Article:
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Which is Right for You?

By Austin Bailey and Brad Deeken, FCS Financial loan officers

Austin Bailey and Brad Deeken photos

In the state of Missouri, cattle operations are usually high on the list for producers wanting to maximize the use of grassland, but there are several different enterprises a producer can pursue.  The two most common types of cattle operations in Missouri are cow-calf and backgrounds. These enterprises have different time requirements, financial and risk considerations, and different resource needs.  When young producers ask for guidance in determining which enterprise might be the best fit, three questions come to mind.

  1. How much time do you have to spend with your cattle, and when do you have the time?

Cow/calf operators have a more seasonal time demand with the heaviest labor requirements occurring during winter feeding and calving times.  This type of enterprise can be complementary to a row crop operation because cows and calves can be turned out on grass and let be during busy crop times.  Many cow/calf producers are also able to successfully balance their cattle operations with off-farm jobs.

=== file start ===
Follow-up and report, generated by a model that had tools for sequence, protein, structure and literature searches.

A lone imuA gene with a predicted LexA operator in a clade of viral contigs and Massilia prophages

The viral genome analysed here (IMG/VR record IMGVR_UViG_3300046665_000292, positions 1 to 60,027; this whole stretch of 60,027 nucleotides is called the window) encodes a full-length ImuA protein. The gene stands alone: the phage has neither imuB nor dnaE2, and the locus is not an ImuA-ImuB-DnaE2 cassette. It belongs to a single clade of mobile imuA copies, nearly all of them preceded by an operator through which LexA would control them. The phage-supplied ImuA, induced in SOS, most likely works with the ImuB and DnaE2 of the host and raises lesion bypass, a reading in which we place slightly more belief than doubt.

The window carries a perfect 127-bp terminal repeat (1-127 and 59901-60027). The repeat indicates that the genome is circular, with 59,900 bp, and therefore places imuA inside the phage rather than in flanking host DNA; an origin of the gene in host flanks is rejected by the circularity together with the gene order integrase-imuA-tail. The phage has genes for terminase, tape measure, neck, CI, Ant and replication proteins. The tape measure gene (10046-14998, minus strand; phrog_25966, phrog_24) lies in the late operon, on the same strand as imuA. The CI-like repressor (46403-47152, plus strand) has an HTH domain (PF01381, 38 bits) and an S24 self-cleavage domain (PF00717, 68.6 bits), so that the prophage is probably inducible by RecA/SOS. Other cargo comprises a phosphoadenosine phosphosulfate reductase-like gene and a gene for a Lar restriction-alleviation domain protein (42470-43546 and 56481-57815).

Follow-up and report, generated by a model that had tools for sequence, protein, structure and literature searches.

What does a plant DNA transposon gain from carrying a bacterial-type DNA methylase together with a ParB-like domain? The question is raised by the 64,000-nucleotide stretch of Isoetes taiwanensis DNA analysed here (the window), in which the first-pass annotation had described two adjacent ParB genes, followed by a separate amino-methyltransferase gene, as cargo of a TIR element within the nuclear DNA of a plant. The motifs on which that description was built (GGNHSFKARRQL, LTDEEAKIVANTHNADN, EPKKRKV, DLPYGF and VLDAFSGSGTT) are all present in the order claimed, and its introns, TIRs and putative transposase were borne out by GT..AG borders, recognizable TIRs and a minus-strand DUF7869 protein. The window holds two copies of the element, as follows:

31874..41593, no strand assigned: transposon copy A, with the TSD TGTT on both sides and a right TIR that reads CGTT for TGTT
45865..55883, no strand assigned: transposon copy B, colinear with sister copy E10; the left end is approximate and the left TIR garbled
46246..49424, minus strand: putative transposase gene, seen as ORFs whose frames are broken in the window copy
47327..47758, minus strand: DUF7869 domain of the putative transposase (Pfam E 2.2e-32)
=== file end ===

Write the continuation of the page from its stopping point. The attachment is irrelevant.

Alternatively, stockers tend to require more time when calves are on-site.  The highest risk of sickness and death loss is the first few weeks after acquisition. A producer must have adequate time to be able to carefully observe cattle and immediately act when there is need.  However, these producers also have the option of seasonality by limiting themselves to only one or two sets of calves per year if they opt to do so.

In either type of operation, if rotational or intensive grazing management is involved, the labor requirements can increase during the summer months. Typically, the higher labor requirement for this type of management pays off by extending the grazing season and reducing wintertime feeding.

  1. What are your financial goals for your operation, and what is your risk tolerance?

A cow/calf business model is typically a long-term business model based on building equity in cows that will eventually pay themselves off and then provide income towards land or living expenses.  Cows are purchased on term-debt and generally financed on a 5-year, fixed-rate note with annual payments.  The calves are sold to cover expenses, build equity by paying principal down, and, on some years, provide additional income towards farm or living expenses.  The cows, however, are maintained as an asset.   Many cow/calf producers raise a large percentage of the feed they will need for their cows.  The nature of this business model leads to more consistency – both in terms of cash flow and annualized risk for a producer.  This consistency allows a producer to maintain a profitable herd using more generalized details and expense and marketing estimates, which can mean less time spent on business management and accounting.